The Georgia Hazardous Waste Management Act (HWMA) describes a comprehensive, Statewide program to manage hazardous wastes through regulating hazardous waste generation, transportation, storage, treatment, and disposal. Hazardous waste is defined by the Board of Natural Resources, and it includes any waste that the Board concludes is capable of posing a substantial present or future hazard to human health or the environment when improperly treated, transported, stored, disposed, or otherwise managed, based on regulations promulgated by the U.S. Environmental Protection Agency. The Hazardous Waste Management Act is administered and implemented by the Environmental Protection Division. No person shall and it shall be unlawful and a violation of the HWMA to construct, install, operate or substantially alter a hazardous waste facility without first obtaining and possessing a hazardous waste facility permit from the Director of the EPD.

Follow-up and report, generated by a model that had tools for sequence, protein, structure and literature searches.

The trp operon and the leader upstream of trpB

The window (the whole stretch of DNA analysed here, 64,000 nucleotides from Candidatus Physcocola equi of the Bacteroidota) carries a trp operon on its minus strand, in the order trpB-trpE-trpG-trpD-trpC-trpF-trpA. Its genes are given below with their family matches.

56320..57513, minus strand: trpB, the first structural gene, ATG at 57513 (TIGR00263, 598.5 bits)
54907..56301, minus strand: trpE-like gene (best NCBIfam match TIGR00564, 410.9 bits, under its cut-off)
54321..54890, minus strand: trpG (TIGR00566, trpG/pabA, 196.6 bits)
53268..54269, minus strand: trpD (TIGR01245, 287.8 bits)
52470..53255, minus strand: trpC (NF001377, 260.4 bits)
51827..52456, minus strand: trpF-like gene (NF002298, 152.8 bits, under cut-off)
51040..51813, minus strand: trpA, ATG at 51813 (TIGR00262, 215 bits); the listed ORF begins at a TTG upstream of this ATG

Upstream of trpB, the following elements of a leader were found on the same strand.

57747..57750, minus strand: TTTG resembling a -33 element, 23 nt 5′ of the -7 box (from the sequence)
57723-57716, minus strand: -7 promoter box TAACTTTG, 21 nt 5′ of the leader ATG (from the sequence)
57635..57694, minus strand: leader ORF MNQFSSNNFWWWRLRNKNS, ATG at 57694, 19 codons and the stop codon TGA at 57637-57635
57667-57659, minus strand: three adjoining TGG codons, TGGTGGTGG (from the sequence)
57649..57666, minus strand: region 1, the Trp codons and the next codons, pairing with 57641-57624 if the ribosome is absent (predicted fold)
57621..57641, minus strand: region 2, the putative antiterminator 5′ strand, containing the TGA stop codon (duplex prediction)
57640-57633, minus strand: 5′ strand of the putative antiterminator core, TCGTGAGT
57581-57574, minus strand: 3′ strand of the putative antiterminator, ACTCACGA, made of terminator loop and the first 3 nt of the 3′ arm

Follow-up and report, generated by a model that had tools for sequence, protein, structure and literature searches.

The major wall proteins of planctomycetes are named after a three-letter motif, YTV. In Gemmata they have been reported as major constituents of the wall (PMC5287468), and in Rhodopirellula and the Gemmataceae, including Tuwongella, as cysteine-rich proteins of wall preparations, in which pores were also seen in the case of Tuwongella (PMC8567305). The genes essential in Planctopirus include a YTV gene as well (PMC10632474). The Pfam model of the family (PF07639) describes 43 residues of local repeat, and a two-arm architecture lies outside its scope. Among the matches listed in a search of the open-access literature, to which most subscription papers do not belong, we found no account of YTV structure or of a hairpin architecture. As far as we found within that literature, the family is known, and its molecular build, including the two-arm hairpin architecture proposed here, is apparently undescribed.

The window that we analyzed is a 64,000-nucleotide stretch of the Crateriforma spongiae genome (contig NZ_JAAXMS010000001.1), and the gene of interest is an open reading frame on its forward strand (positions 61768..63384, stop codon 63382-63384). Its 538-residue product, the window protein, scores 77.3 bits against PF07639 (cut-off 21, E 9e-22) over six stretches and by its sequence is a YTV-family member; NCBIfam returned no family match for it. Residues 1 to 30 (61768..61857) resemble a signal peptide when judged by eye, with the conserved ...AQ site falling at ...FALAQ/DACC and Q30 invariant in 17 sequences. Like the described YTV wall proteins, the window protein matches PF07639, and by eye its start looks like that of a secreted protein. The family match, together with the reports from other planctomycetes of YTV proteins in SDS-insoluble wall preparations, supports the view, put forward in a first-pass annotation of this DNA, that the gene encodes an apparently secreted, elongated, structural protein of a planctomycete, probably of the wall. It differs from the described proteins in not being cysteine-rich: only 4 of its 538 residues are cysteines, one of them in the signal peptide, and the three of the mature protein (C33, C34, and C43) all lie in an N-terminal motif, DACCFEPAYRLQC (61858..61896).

The Georgia Hazardous Waste Management Act covers the generation, transportation, treatment, storage, and disposal of hazardous wastes and supplements the federal RCRA (Resource Conservation and Recovery Act). Violators are classified based on an analysis of the facility’s overall compliance with RCRA, which includes prior recalcitrant behavior, or a history of non-compliance. This establishes two categories of violators: Significant Non-Compilers (SNC) and other Secondary Violators (SV). SNCs are those facilities that have caused actual exposure or a substantial likelihood of exposure to hazardous waste or hazardous waste constituents; are chronic or recalcitrant violators; or deviate substantially from the terms of a permit, order, and agreement or from RCRA statutory or regulatory requirements. The actual or substantial likelihood of exposure can be evaluated using facility specific environmental and exposure information whenever possible. This may include evaluating potential exposure pathways and the mobility and toxicity of the hazardous waste being managed. However, environmental impact alone is sufficient to cause a facility to be a SNC, particularly when the environmental media affected require special protection (e.g., wetlands or sources of underground drinking water). Facilities are evaluated on a multi-media basis; however, a facility may be found to be a chronic or recalcitrant violator based solely on prior RCRA violations and behavior.